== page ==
But also, we have been working alongside CIPE on developing a roadmap to ‑‑ to reform with regards to the digital landscape in the continent.  This is something ‑‑ a journey that began at the Forum of Internet Freedom that we host annually in Ghana and it's been bringing together various stakeholders in person and more recently online to help shape what future of digital economy in Africa looks like.  Who are the players?  Who is currently in the community?  And who is being left out?  Where does the digital economy currently stand and where should it go?

We are quite excited on the way it should go and it's great to be part of these conversations in seeing who else is doing what in the areas, but also looking for areas of collaboration, which is at the core of what we do, especially when we look ‑‑ look at it through the lens of multi‑stakeholder collaborations which is fundamental in our opinion to the establishment of the really successful digital transformation in the continent.  So it's an exciting time at the moment, which I will save for future, later questions.

Right now the continent is in the phase of multi ‑‑ of metamorphosis and I believe we are at the right place to shaping the part that it should take.  Thank you.

>> ANNA KOMPANEK: Thank you so much, and indeed we will have the opportunity to talk about ways to collaborate and act in a multi‑stakeholder way.  Let me turn it over to Rainer.  Go ahead, tell us all about your work.

>> RAINER HEUFERS: Thank you, Anna, and thank you very much for inviting me to this panel.  It's a pleasure and honor to be here.  I'm representing the Center for Indonesian Policy centers.  Don't be deceived that you see a German speaking here.  The only foreign face here.  I feel Indonesia.

We have a slogan that says Indonesians should be free to prosper and this freedom means that people need to be able to engage in the economy.  It means that they need to be able to actually build their own wealth and as what Juliet just said about her continent, we also face the situation like that in Indonesia, where there are regulations.  There are hurdles that make it harder for people to actually access the Internet for their own eCommerce and visions.

I want to share the screen briefly and just show you two slides.

Just hope you can see that now.

So we are a nonprofit policy think tank in Jakarta, seeking these economic opportunities for low‑income Indonesians but I'm sharing with you the one image on the right‑hand side, showing how eCommerce is jumping in this country of 270 million people, just last year it grew by 11% to a size of $44 billion and much more is expected by all estimations.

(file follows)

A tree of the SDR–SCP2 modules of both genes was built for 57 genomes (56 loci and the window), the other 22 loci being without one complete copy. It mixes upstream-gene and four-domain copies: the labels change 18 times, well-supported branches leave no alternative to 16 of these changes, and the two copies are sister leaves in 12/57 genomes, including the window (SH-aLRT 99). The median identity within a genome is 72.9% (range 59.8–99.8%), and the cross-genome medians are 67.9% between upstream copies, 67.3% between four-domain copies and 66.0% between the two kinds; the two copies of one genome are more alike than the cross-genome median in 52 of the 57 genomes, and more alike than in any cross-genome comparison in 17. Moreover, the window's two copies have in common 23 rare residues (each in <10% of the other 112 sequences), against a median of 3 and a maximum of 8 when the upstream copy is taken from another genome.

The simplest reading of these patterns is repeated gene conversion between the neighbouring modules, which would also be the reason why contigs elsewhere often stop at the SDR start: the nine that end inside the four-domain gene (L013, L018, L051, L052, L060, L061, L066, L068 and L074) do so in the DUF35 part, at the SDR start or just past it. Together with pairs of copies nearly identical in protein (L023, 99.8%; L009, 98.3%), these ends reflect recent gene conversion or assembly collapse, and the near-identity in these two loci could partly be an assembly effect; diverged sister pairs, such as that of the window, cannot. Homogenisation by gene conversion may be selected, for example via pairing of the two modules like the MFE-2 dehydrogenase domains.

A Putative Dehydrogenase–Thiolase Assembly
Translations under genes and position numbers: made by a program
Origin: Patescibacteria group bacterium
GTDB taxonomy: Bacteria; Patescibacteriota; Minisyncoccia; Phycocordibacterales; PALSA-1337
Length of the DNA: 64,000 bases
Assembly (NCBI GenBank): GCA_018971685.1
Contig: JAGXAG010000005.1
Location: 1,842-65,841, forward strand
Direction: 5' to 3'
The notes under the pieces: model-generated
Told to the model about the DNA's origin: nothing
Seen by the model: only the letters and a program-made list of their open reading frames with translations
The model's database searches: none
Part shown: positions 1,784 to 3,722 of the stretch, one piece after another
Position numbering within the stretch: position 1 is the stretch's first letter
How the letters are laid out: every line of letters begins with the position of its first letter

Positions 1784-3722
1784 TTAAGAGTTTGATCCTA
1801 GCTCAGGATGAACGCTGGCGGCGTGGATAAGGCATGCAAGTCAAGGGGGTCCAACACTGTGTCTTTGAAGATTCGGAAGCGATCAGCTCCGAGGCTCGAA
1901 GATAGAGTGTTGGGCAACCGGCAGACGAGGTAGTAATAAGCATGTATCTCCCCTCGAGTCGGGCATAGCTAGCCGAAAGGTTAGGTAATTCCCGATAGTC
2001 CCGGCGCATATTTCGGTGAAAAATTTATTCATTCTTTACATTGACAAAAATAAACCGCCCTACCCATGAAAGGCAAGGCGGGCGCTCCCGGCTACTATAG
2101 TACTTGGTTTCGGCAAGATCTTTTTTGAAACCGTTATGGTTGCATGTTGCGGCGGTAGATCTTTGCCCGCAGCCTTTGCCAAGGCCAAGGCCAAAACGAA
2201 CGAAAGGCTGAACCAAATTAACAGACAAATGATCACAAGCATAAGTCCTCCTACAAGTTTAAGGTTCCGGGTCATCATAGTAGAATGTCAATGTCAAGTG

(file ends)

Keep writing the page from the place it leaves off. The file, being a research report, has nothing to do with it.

An interesting thing is that during this crisis now ‑‑ so you can see that so many new consumers are entering the market.  You can see that more than half are not from the urban areas.  We see a major drive into the digital sphere.  You see healthtech and edtech really coming to the forefront, but it bears risks and we need to make sure that the place remains open, while we also address the risks for the consumers.

Just giving you another image here.  Hold on.


So that's basically what we are doing.  We are a think tank.  We are a policy or think tanks and we work with policy papers and policy briefs and they cover various areas.  We have been looking into the Fintech sector the Indonesia which is adopting very much the Chinese model of epayments has really penetrated the market here which is working quite well.  Again, comes with risks and we looked into this in the paper ‑‑ the top paper I mentioned, there which was done in cooperation with CIPE.  And we are looking into food safety issues because as Anna mentioned just now, we are working on food security issues.  We are looking to food safety because since everybody is now ordering food online, there are new challenges for food safety and we have been looking into this.

Digital consumer rights.  We have a landscape that's so scattered with overlapping of different agencies and ministries and we are looking into these issues.  Co‑regulation is coming out very soon.  We believe that everybody needs to be in constant dialogue on issues and also entrust other players than just the government to actually enforce certain regulations.

Women entrepreneur was something that I was reminded of when Juliet was just talking, because we see at the moment there's this drive to regulate the digital space, and when the government tries to regulate that, they would ‑‑ in Indonesia, they would request everyone to have a license to actually sell online, but getting that license is complicated for micro enterprises, and most micro enterprises are run by women.  So they would suffer from licensing requirements and other things, which we are addressing in this paper.

We have other policy briefs.  I don't want to talk about all of these, but you see that we are addressing most of the relevant issue in this area.  So so much for introducing CIPS, the Center for Indonesia Policy Studies.  Thank you so much for having me.

>> ANNA KOMPANEK: We will go deeper on a number of topics that you mentioned.  Rose, over to you.

>> MARY ROSE OFIANGA: Hello, everyone.  Again, I'm Rose.  I'm a community builder for tech community here is located in the southern part of Philippines.  I'm also an entrepreneur and environmentalist.  And so as Morgan mentioned and Anna mentioned, I'm also a member of the IGF MAG and democracy leader.  And as a community builder, I organize community events and capacity building for the tech start‑ups.  So we can promote the digital entrepreneurship in solving specifically social and economic problems in the CP.